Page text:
Victory of the Roboincarnate

Nature was twisted, dragged upright into humanoid-shaped monsters, out for blood.

This was the Devouring Earth, commonly found throughout parts of Paragon City and the Rogue Isles: walking figures of stone, spindly tree men, large fungal marauders, and (worst of all) the mutated human beings, unrecognizably Cthulian, known as the Devoured. Their mission, brought about by the giant oozing single-celled monstrosity known as the Hamidon, was to reclaim the Earth from society, dragging everyone screaming to an unnaturally natural state.

The distant approaching sound of many mechanical feet heralded the opposite: today, it would be technology, not nature that would be striking back. Over the wartorn hill forged seven robotic war machines. Three were the robodrones, trusty mechanical foot troopers armed with light laser cannons. Short. Squat. Disposable. Two were the roboguards, taller and thicker than the robodrones, dispensing protective force shield bubbles where needed. Standing taller than the rest was the robodestroyer, a walking tank with missile batteries at its shoulders and cannons for arms. The last of the seven was the most striking of them all. This robot wore a cape, and projecting out of the top of its head was heavily wired remains of a human brain: the Roboincarnate himself.

What drives a man to abandon his warm attractive body for cold steel? In the case of the Roboincarnate, pure contempt. He began as a man with great technical skill but little faith for humanity. To him, most other people were but bleating fools who did not appreciate his brilliance. When he was paralyzed from the neck down, a victim of a random mugging turned ugly, what little identification he had with humankind was shed. His body was the enemy, he always loved machines, and somehow he managed to replace one with the other. Now, he sought to become some kind of machine god.

The Devouring Earth hordes against the Roboincarnate collective. This was a battle between nature gone awry and nature rejected. On the ground, the shambling elements took notice of approaching wave of technology and prepared to counterattack. Far above, an unmanned space station prepared to orbital drop reinforcements to replace fallen robots of the attacking super villain’s team.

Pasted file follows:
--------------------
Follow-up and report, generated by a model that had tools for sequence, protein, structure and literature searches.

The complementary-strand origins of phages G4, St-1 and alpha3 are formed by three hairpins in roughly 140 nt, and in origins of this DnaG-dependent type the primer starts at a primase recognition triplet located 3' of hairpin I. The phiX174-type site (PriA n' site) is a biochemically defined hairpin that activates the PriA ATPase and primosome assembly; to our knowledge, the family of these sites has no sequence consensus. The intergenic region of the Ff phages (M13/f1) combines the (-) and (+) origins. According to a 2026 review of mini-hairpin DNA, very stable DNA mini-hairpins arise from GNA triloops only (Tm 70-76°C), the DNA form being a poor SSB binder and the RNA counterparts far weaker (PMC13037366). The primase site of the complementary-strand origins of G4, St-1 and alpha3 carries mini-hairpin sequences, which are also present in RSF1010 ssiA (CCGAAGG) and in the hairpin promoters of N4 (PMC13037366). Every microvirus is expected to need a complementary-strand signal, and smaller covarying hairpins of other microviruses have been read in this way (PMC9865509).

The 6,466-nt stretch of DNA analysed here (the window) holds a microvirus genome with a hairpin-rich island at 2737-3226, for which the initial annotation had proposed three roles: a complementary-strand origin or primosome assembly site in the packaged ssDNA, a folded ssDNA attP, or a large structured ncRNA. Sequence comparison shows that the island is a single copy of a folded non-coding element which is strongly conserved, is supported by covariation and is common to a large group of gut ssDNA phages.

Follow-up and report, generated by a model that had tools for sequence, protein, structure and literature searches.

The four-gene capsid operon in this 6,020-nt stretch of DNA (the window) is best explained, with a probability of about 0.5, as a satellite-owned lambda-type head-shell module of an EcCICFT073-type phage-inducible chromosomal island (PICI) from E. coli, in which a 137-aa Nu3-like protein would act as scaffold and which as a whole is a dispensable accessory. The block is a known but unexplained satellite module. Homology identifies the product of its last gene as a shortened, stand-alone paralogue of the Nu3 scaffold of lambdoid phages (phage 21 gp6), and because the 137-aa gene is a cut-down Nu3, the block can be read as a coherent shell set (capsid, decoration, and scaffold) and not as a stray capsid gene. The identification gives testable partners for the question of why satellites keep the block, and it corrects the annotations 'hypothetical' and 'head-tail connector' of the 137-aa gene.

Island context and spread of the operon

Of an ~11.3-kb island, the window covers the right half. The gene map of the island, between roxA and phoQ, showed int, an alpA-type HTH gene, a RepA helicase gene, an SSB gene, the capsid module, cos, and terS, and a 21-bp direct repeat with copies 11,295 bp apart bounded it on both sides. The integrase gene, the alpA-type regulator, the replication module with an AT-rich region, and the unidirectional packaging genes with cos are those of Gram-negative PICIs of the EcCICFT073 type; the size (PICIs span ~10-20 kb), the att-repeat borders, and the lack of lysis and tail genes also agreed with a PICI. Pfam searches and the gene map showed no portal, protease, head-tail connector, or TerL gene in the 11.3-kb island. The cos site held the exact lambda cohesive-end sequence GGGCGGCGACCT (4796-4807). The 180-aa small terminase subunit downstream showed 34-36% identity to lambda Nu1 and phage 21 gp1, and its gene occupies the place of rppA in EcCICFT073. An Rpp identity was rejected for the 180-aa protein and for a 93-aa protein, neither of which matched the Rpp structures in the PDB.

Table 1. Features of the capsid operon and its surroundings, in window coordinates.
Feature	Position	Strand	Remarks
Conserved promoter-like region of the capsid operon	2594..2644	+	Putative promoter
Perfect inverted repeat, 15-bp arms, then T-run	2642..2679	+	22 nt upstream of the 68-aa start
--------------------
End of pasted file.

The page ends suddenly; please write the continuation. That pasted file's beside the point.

The attackers paused, and the opponents sized eachother up for a moment. Were these mere enemies, there would need be no hesitation. However, within this battle, both sides could see what they truly hated embodied in one-another. This deserved a little acknowledgment.

The silence when broken when the Roboincarnate clenched his mechanical jaw in resolution and gestured for the attack. Immediately, laser turrets blazed and guided rockets fired. Then, smoke and chaos blotted out the rest of the battle. At the end, amongst shattered robots and the bodies of the Devouring Earth, only the Roboincarnate stood victorious, as cold and relentless as unbound progress itself.”

[Edit: Another bit of City of Heroes literature. The story was worth keeping, but the extensive spam related to my gaming habit lately was not.]


Another little thing I threw together using Ableton Live and some sample loops.

Music: “Cosmiquik”

Grand Theft Shenmue

Grand Theft Auto 4 has created quite a bunch of hype, and I suppose that’s relatively justified, as it is indeed a thoroughly entertaining game. However, contrary to it being a GTA thing, I’m thinking it’s more of a Shenmue thing.

Like Shenmue, there’s a great deal of focus on detail to simulate the environment, bringing about a “living city” feel. This is evident in GTA4 much more than the previous GTAs.

The main character, sort of a endearing Russian vagrant, is a neccessary part of this. Without that interplay between flawed-but-likable main character and the individual elements of the city, this wouldn’t have felt half as real.

It’s the realism – not “arbitrary inclusion of ballistics test data” realism but rather “great feeling interactive story” realism – that is causing reviewers to give this game a 9.5 – 10. It has to be: the game mechanics themselves haven’t improved that much. Sure, you can use cover, the physics are better, and there’s online multiplayer – but these are just features.